Tickets went on sale Friday for the William M. Thomas Planetarium's last show of the spring semester, the ever-popular "Black Holes" on April 18. Since tickets can now be purchased online, if you want to see the show, then buy your ticket today from the link posted on the planetarium's website at bakersfieldcollege.edu/planetarium.
This week, the Student Government Association at Bakersfield College sponsored a blood drive, which was a huge success. If you weren't able to donate then and would like some stars with your blood donation, then come to the Houchin Community Blood Bank star party sponsored by the Kern Astronomical Society on Monday.
The blood drive will be at Houchin's new facility at 11515 Bolthouse Drive (west of Buena Vista Road and south of White Lane across from St. John's Lutheran Church). The blood drive is from 5 to 7 p.m. with stargazing through the KAS telescopes continuing until 8 p.m. One pint per person please or you may be seeing stars without the telescopes!
Comet-watching as spring begins
Wednesday marks the official start of the season of spring with the vernal equinox. The spring equinox for the northern hemisphere is when the sun crosses the celestial equator (projection of the Earth's equator onto the sky) heading northward. Since the equinox happens when the sun reaches a particular point with respect to the celestial equator, we have that nailed down very precisely: 4:02 a.m. Pacific Daylight-Saving Time.
For the rest of the spring season the sun will move further and further north of the celestial equator, getting higher and higher at midday with each passing day and the amount of daylight will grow ever longer up to the June solstice.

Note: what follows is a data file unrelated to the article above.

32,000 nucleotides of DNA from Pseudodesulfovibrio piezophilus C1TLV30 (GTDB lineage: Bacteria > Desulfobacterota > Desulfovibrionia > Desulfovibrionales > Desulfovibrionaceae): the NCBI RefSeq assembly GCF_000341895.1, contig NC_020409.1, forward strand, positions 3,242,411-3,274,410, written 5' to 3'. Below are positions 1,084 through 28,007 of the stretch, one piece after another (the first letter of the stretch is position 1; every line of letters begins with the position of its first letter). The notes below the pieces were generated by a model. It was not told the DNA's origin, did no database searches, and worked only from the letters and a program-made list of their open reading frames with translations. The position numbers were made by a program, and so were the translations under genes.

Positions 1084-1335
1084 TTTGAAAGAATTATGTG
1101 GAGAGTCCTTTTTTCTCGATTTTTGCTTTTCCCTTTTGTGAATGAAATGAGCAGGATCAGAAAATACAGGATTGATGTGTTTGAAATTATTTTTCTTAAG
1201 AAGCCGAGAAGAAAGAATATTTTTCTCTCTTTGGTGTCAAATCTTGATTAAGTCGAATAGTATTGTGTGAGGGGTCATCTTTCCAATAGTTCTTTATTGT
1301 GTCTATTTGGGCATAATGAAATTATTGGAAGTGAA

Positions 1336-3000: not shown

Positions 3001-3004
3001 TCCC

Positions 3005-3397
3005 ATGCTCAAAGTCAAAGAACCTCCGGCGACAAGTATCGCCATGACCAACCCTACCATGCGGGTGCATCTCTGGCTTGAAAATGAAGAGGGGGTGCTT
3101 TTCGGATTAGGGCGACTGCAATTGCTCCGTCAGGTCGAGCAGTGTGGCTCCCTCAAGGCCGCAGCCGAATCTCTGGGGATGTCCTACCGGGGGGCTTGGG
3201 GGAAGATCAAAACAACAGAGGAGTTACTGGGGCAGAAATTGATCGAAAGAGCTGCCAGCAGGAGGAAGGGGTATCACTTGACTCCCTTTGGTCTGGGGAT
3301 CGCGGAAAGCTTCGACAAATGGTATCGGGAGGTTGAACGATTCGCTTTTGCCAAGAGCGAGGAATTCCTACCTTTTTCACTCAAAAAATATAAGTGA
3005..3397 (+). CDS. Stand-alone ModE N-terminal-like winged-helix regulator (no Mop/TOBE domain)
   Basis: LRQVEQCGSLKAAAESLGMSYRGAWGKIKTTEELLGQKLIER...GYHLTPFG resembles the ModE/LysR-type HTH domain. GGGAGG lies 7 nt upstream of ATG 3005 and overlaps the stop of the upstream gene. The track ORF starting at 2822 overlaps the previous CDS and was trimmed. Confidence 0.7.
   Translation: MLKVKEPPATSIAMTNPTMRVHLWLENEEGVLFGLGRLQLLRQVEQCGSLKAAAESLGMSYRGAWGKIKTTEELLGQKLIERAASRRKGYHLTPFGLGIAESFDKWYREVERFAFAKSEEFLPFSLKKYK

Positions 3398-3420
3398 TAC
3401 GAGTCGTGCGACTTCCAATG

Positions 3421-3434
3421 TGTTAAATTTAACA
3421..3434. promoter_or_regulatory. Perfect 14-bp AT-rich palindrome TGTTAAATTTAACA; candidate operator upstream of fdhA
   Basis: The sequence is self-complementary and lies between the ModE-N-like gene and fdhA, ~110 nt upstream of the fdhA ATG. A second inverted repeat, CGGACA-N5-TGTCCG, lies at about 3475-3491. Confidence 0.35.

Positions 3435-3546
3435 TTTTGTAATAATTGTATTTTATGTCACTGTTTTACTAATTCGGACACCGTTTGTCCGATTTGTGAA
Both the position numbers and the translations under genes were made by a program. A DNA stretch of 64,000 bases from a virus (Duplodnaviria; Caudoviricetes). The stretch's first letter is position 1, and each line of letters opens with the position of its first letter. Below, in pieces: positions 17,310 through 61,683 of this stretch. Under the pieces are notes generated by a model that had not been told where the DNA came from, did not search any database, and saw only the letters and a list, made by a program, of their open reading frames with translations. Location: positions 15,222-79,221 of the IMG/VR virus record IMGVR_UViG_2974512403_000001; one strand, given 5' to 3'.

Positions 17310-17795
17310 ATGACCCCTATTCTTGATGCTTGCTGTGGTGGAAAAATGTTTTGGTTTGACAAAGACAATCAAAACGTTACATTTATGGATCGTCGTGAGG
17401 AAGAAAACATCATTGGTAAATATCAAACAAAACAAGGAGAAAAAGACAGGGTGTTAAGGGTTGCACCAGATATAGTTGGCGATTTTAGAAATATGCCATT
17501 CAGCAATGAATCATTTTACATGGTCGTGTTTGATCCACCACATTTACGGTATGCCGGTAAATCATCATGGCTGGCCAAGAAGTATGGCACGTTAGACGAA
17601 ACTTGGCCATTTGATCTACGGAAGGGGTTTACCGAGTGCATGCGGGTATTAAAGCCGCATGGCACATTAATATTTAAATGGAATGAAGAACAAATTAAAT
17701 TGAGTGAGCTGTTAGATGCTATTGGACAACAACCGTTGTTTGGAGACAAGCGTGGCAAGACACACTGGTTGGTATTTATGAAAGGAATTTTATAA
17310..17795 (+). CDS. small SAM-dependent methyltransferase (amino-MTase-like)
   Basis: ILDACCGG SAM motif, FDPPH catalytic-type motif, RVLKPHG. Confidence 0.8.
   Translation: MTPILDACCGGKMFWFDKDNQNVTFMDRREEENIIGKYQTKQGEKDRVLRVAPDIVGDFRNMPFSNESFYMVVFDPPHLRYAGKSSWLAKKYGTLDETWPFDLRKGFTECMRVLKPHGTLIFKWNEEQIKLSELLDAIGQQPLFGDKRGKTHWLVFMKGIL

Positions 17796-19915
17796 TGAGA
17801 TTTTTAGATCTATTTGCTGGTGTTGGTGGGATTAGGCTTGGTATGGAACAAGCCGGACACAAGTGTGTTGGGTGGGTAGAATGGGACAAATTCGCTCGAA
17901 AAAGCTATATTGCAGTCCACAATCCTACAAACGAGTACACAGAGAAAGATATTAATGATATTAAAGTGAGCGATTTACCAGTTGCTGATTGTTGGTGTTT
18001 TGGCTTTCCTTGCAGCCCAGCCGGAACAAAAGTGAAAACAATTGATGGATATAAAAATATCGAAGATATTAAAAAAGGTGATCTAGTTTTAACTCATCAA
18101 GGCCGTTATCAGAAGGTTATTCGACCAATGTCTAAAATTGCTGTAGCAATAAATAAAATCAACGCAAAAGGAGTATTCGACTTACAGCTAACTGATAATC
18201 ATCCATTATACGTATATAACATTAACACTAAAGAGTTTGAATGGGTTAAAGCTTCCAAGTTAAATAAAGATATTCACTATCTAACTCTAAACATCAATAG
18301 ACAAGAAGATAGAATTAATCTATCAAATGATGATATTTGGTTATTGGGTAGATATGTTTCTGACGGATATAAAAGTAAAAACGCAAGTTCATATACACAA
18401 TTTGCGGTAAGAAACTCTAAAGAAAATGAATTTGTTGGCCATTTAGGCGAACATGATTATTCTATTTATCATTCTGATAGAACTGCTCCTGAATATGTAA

As I write this, Comet PanSTARRS (C/2011 L4) is becoming visible for us in the Northern Hemisphere. As shown in the attached star chart, it is very low in the west just after sunset. To the naked eye, it will look like a faint jet contrail with the tail pointing away from the sun. Its orbit is nearly at a right angle with respect to the Earth's orbit so those in the Southern Hemisphere have been able to see it approach the sun and we'll see it when it is at perihelion (closest point to the sun) and then moving on out away from the sun.
Perhaps by then the comet's dust tail will become more prominent and distinct from the ion tail. The comet will, of course, be much better through a good pair of binoculars or the KAS telescopes at the KAS star party/blood drive.
If you would like to see views of the comet's orbit from various vantage points just outside the Earth's orbit, go to the Comet PanSTARRS Orbit page on the planetarium's website. On that page, you will see how the comet's orbit is oriented with the Earth's position at the time it passes near the sun and why we in the Northern Hemisphere have to wait until near its perihelion passage and afterward for us to have a good view of the comet.
In the night sky
Tonight the waxing crescent moon will be below the Pleiades star cluster that is at the shoulder of Taurus -- see the attached star chart.
Tomorrow night, the moon will be just below very bright Jupiter -- a nice view through binoculars. On the night of the KAS star party, the moon will be one day before first-quarter phase at Taurus' horn. The moon will be full on the night of March 26/27.
Jupiter is already high up in the southwest at sunset just right of the west horn of Taurus. By the end of the month it will have moved eastward so that it is just left of the west horn. Jupiter takes almost 12 years to orbit the sun, so it does appear to drift slowly with respect to the stars, roughly one zodiac constellation per year. Saturn rises up in the east just before 11 p.m. It is near the western tip of Libra and it is undergoing retrograde motion, or slowly moving westward back toward Virgo over the next few months.
In tonight's sky, Saturn and Libra will be in the south at around 4 a.m. A star chart for that time is given in the Night Sky section of the planetarium's website.